> >results the suspect is released (and monitored) while the police
> >re-evaluate the case.
> Guilty or innocent it makes no difference, when your police knock on my door
> in the middle of the night I would feel utter terror. I would also feel
> hopeless despair, because I'd know that my nightmare is only beginning and
> will never end this side of the grave. If I'm lucky I will undergo two weeks
> of Chinese water torture and then be released, for a while. My ordeal could be
> repeated many times and at any time.

No, obviously there would have to be strict rules regarding the further
questioning of suspects and re-opening the trial. Cases like O.J. Simpson,
where an obvious murderer can never be brought to justice because
the judicial system fucked up the first time around must be prevented
however. This means that even if someone has initially been found innocent,
he *can* be tried for the same crime at a later date if new evidence comes

> If I'm unlucky I will be painfully and
> horribly tortured by skilled professionals until death finally sets me free.

No such luck. You may temporarily pass out at best ;-) Unless of course
you mean the torture that is applied to especially cruel/multiple murderers,
which they duly deserve.

> Do you really find it hard to understand why anybody and everybody would be
> more than nervous when police bring them in?

That depends on the public's trust in the system, the PR of the police etc. If that
is good, people won't be too scared when politely asked to come to down to the
station. Most of the investigation has been done in secret anyway, so that the
suspect isn't aware that the police are on to him and may incriminate himself
further by his actions. At the stage that someone is requested to appear at a
hearing it must already be 99% (so to speak) sure that he's guilty.

> >if you can beat the lie detector that doesn't mean you can go home
> No kidding. After seeing the inside of one of your torture chambers few would
> ever go home again.

How come? Torture is done with "surgical precision", so that no-one dies.

> >although it can be used as minor supporting evidence to your
> >innocence.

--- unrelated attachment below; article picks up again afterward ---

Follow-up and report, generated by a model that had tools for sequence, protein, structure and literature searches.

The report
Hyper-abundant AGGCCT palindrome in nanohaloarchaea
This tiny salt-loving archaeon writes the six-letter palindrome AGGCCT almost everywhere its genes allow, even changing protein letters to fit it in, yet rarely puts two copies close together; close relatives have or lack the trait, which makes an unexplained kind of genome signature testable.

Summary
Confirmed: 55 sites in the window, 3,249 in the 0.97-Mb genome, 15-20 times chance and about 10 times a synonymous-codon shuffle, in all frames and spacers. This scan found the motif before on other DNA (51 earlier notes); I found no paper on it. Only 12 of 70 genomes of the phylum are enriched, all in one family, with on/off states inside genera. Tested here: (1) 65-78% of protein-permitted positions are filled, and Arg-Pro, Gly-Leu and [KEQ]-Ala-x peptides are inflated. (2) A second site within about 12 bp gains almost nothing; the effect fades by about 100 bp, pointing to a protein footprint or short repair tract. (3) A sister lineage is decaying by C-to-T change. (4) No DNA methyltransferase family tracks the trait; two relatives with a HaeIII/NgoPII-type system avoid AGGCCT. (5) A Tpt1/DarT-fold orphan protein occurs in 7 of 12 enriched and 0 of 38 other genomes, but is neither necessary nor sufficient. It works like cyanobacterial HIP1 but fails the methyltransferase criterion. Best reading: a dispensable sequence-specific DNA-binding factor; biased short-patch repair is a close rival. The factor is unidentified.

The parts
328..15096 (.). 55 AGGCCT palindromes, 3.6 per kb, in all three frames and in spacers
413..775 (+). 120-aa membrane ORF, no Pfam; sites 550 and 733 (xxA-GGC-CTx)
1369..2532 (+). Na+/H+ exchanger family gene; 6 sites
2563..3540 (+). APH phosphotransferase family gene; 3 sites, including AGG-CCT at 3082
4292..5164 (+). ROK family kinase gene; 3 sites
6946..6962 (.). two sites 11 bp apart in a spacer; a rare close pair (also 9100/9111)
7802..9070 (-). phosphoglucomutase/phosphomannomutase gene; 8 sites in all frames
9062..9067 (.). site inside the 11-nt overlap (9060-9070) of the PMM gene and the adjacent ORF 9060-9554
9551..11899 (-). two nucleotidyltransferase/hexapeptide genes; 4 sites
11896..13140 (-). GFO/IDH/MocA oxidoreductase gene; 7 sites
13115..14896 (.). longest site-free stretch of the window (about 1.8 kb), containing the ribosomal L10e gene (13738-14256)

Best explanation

> And major supporting evidence of my guilt if I fail no doubt.


> >If the servants of justice really thought you were innocent they
> >wouldn't have arrested you in the first place, now would they?
> Your faith in the intelligence and integrity of polatitions, the judges
> they appoint, and other such servants of justice is touching but not entirely
> realistic.

This was meant as a bit of sarcasm, regarding the "innocent until proven
guilty" idea. In reality, you are already more or less convicted (by everyone)
if the police pick you up. And it must be said that in many cases this
suspicion is justified.

> >the slanderer should _prove beyond reasonable doubt_ in a court of
> >law that the accusations (slander) are true
> The court can issue any decision it likes on the truth or falsehood of a
> book and it would not change my opinion of it in the slightest. The slanderer
> should prove beyond reasonable doubt to the reader (not to a court) that his
> statements are true, if he fails the slanderer is simply Ignored.

Slandering isn't limited to books, and since many people just loooooove gossip
and don't care too much about the truth, one has to prevent assholes from
unduly ruining someone's reputation. Slandering is like trowing someone to
the wild beasts (the dumb malicious people), and should be minimized in any
decent society. After all, security and stability are among the main reasons we
have societies in the first place.

> >Words _can_ hurt people directly
> Then hurt them back the same way, with words.

The damage has been done by then, and is often irreversible. You might take
the slanderer down with you, but that won't undo the damage to your reputation.
It's better to prevent it alltogether, by law.